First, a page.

Jennifer Lines as Antony. Photo Tim MathesonBard on the Beach
Julius Caesar
by William Shakespeare, adapted by Stephen Drover

When & Where June 15 – September 24, 2023, evenings at 7.30, Sundays at 2pm | BMO Mainstage, Vanier Park

Director Cherissa Richards Costume Designer Jessica Oostergo Set Designer Pam Johnson Sound Designer Kate De Lorme Lighting Designer Gerald King Choreographer/Fight Director Jonathan Hawley Purvis Video Designer Candalario Andrade Production Stage Manager Joanne P.B. Smith

Cast: Antony Jennifer Lines Brutus Andrew McNee Caesar Andrew Wheeler Calphurnia Sharon Crandall Octavius Oscar Derkx Portia Chelsea Rose
Casca Olivia Hutt Cassius Emma Slipp Cinna Naomi Ngebulana Decius Ben Elliott Metellus Matthew MacDonald-Bain Trebonius Alexandra Lainfiesta
Soothsayer Scott Bellis Lucius Evan Rein Cinna the Poet Henry Beasley
Citizens, Soldiers The company

Reviewer Elizabeth Paterson

Fast paced and vivid, Bard on the Beach's Julius Caesar will have you on the edge of your seat, swept into a world of violent politics, plots, treachery and war.

Smart directing from Cherissa Richards, crisp and clever editing by Stephen Drover and shrewdly chosen projections (Candelario Andrade) fashion a taut and immediately modern scenario. Gone are the discontented and easily moved citizens of Rome and in their place are news clips of contemporary demonstrations. Trouble in the streets of Rome becomes immediately familiar. So, too, the political situation: Julius Caesar is the charismatic leader who may be about to abuse his power. What actions should or should not be taken are explored in the first half of the play; the second half demonstrates the consequences.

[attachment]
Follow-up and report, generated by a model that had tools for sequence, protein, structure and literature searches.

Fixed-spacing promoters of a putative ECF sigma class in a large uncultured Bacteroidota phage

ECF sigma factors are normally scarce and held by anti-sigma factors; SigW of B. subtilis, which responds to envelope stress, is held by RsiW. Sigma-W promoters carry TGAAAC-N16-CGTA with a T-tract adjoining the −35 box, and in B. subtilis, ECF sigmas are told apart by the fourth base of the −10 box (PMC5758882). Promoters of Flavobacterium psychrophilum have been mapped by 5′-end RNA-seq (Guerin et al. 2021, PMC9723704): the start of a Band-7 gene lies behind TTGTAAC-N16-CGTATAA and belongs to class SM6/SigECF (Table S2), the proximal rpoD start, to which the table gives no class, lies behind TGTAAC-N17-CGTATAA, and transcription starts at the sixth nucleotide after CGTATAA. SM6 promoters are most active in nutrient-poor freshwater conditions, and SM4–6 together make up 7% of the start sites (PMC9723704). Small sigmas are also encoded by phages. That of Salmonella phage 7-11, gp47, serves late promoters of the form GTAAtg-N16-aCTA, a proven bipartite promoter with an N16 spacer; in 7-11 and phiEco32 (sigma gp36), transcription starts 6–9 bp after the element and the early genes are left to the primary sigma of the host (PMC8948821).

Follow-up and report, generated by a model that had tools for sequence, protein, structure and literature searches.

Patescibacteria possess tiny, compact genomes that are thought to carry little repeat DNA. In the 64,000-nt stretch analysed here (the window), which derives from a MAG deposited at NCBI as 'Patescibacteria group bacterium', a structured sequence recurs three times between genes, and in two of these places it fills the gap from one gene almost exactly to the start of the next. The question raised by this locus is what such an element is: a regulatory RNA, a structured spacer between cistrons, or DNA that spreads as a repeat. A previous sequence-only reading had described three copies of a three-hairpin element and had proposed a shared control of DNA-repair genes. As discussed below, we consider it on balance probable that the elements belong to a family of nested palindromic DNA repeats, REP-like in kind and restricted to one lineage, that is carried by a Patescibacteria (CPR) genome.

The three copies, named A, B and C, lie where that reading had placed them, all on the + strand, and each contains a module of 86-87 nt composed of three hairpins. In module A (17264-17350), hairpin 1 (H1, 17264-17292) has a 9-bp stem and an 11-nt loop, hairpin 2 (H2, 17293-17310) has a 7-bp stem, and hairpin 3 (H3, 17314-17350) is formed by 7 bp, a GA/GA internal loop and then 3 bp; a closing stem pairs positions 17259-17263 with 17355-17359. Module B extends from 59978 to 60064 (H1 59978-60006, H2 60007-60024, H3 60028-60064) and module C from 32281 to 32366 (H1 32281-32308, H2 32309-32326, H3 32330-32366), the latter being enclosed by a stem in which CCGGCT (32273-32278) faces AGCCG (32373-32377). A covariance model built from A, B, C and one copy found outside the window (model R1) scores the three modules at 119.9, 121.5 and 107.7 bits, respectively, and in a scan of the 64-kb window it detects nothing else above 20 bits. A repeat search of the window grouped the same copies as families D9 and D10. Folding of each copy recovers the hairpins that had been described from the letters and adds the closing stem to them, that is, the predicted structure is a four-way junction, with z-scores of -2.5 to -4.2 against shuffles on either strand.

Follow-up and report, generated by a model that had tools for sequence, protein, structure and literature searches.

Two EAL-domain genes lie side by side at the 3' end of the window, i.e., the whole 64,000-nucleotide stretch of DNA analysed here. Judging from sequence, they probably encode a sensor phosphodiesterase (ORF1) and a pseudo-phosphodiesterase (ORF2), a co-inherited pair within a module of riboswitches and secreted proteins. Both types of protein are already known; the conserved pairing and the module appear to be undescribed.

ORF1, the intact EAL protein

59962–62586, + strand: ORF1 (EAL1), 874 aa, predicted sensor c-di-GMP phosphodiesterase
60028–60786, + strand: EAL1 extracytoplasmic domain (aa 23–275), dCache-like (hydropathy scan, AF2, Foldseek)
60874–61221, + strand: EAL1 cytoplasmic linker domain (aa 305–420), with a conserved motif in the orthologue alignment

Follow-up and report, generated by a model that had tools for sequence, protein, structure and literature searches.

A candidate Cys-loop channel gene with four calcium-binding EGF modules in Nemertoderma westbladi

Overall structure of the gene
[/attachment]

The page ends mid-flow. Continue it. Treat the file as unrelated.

Andrew Wheeler's Caesar exudes confident power spot-lit by self-deprecating modesty, all iron fist in a velvet glove. His wife, Calphurnia, the elegant Sharon Crandall, cannot convince him to be circumspect at the expense of his self-esteem; nor can the Soothsayer, a deeply serious and fairly terrifying Scott Bellis.

Appalled by Caesar’s ambition, anguished at the thought of violent action, Brutus must make a moral choice. Andrew McNee is unsettled and jittery but no match for the aggrieved Cassius. Emma Slipp inhabits Cassius like a tornado. Pent-up rage energises her as she recruits co-conspirators, distributes fake news, and details the assassination plans. Her utter dedication to her cause and her underlying military professionalism come to the fore in a well-constructed character arc as the two sides prepare for battle. McNee, too, gains strength to equal hers with the result that their fight for control is powerful and compelling. His relationship with young Lucius is carefully built from the beginning to a shocking conclusion.

Fights by Jonathan Hawley Purvis, so immediate they might have come off today's news screens, and an ominous soundscape by Kate De Lorme underline and enforce mood and action. Pam Johnson's set is abstract and convincingly both hyper-modern (Caesar's golden dressing-room all set about with self-portraits is to die for) and classically referenced with fluted columns and Latin tags. Elegant lines and contemporary uniforms characterize Jessica Oostergo's costumes.

This is clear and intelligible Shakespeare, persuasive, manipulative, emotional, disturbing and exciting, a thriller as much for our times as any Elizabethan's.

© 2023 Elizabeth Paterson